Landmark Title IX Case Could Change HS Sports Forever | Athletic Business

Landmark Title IX Case Could Change HS Sports Forever

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Female student-athletes from the largest public high school in Hawaii have filed a Title IX lawsuit against the school district and state high school association in a case that could have wider implications for high school sports at large. 

A group of plaintiffs have filed a class action suit, alleging that female athletes James Campbell High School were grossly underserved, with female water polo athletes having to practice in the ocean, carry their gear around all day due to lack of facilities, and use the restrooms at a nearby Burger King when they had to go the bathroom. The plaintiffs also allege that Campbell officials retaliated against the girls who filed the suit by identifying them — they were only listed in the lawsuit by their initials — and warning faculty members to speak carefully around them. 

The plaintiffs, including Ashley Badis, are not requesting damages aside from seeking change for future female high school student-athletes. 

“Hearing how many concerns and complaints that they had — it made me feel like I’m not alone in this, but it’s so wrong that we’re all being treated like this,” Badis, now 21, said in an interview with the New York Times at her family’s home in a Honolulu suburb.

In July, a federal judge rules that the case can proceed as a class action, which comes on the 50th anniversary of the enactment of Title IX, and in the home state of U.S. Rep. Patsy Mink, one of the architects of Title IX, who died in 2002. 

“What strikes me in this 50th anniversary year is just how little we actually know about what is going on in the high school space,” said Ellen J.Staurowsky, a professor of sports media at Ithaca College and the principal investigator for a recent Title IX report published by the Women’s Sports Foundation. “I think this case is important, foundationally. It has the potential to really be a wake-up call for schools that continue to ignore the law and don’t take it seriously.”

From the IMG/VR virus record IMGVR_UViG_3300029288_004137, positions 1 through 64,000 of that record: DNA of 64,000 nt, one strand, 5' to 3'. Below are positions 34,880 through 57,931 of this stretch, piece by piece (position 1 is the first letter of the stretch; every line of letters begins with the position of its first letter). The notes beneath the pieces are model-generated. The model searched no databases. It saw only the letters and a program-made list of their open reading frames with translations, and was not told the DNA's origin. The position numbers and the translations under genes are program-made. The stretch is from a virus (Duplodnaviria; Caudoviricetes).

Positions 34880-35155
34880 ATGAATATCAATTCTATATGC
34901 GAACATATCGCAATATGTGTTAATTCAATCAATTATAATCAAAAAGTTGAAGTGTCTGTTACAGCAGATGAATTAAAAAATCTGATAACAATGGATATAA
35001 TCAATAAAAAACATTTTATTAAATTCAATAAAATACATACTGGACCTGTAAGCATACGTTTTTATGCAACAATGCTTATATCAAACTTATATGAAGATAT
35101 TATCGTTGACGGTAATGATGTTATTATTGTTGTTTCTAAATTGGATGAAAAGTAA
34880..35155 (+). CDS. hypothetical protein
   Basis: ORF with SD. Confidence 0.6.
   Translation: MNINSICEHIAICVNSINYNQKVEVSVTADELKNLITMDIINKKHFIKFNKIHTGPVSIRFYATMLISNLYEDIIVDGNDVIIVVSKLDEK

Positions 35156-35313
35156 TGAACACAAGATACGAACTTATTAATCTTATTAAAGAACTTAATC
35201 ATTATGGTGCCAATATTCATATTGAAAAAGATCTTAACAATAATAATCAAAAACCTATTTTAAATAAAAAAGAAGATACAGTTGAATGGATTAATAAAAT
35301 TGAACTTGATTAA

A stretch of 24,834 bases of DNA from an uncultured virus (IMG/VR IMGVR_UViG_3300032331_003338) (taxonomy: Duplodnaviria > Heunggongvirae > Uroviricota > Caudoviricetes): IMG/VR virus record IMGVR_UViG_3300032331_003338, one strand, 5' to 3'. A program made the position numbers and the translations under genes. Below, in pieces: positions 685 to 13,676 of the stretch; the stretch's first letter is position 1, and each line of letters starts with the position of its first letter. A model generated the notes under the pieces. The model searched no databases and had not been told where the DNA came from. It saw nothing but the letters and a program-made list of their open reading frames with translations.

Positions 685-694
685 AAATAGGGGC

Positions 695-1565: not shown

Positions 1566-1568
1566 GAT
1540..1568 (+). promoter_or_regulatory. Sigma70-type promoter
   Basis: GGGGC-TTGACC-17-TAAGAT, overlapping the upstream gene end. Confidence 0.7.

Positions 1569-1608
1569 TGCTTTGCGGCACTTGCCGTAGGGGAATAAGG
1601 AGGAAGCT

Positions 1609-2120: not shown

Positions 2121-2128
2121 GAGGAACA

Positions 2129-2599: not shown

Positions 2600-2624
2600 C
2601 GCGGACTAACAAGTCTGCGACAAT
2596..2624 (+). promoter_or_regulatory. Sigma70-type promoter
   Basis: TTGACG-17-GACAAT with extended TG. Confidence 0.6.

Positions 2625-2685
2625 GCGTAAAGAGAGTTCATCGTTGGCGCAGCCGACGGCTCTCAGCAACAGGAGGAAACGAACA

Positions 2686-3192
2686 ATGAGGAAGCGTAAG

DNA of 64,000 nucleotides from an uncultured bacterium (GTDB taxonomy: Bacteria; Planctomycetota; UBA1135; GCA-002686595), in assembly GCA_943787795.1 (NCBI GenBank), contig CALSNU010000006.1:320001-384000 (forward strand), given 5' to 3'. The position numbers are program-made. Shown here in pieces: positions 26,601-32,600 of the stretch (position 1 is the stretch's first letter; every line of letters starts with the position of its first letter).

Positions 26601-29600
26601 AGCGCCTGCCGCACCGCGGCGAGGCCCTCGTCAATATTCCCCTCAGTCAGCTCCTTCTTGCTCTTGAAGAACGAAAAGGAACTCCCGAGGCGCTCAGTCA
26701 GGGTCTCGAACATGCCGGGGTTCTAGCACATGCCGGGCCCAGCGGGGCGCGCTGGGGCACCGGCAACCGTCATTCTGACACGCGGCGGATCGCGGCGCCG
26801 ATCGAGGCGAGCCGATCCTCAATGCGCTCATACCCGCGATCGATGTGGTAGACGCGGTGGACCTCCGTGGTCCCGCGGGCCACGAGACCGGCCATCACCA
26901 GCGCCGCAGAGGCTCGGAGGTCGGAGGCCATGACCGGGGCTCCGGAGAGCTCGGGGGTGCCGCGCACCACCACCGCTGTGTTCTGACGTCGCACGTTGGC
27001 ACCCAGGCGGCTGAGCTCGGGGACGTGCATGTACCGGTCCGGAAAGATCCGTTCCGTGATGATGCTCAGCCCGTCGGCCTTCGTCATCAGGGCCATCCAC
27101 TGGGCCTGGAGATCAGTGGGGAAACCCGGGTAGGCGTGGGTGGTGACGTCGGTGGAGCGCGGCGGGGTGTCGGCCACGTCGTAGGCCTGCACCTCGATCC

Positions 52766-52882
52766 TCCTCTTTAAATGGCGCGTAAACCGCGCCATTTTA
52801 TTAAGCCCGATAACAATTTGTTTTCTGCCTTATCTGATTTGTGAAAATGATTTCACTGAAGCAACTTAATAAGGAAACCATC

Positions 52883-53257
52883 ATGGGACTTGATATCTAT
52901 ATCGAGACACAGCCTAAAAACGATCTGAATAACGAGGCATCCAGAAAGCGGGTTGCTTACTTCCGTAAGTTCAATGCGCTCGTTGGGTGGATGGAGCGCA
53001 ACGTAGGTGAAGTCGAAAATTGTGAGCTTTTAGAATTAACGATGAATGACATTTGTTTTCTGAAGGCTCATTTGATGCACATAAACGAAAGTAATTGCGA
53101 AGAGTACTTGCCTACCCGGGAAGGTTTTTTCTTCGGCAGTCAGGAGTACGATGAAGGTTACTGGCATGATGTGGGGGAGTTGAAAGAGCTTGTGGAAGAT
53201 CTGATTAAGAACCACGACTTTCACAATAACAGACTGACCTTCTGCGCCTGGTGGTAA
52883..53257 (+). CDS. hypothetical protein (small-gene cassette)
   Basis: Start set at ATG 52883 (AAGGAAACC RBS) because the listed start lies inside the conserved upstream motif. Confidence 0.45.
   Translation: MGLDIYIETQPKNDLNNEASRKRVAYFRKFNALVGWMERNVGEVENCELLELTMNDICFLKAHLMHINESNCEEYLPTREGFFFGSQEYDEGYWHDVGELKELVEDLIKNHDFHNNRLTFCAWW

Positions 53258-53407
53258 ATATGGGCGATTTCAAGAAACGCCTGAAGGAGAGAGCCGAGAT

Abbey Pothier, a former soccer and water polo player at Campbell, outlined in an interview with The Times, the indignities of being a female athlete at Campbell. She said that girls' soccer could not practice until the football and boys' soccer teams had concluded their workouts on the same field. 

“It would be like 9:30 already,” said Pothier, now a sophomore at the University of California, Irvine. “The lights would turn off or the sprinklers would turn on — maybe both.”

When the female teams travelled, they weren't allowed to stay overnight, so they had to fly to the destination, play, and often get a return flight without showering. 

“We’d be rushing after games, getting everyone into vans to get back to the airport, and we wouldn’t have time to eat,” Pothier said. “It was like: ‘Sorry, you have to get to your gate. You can eat when you get home.’”

The judge who allowed the case to proceed as a class action has now set a trial for October of 2023. 

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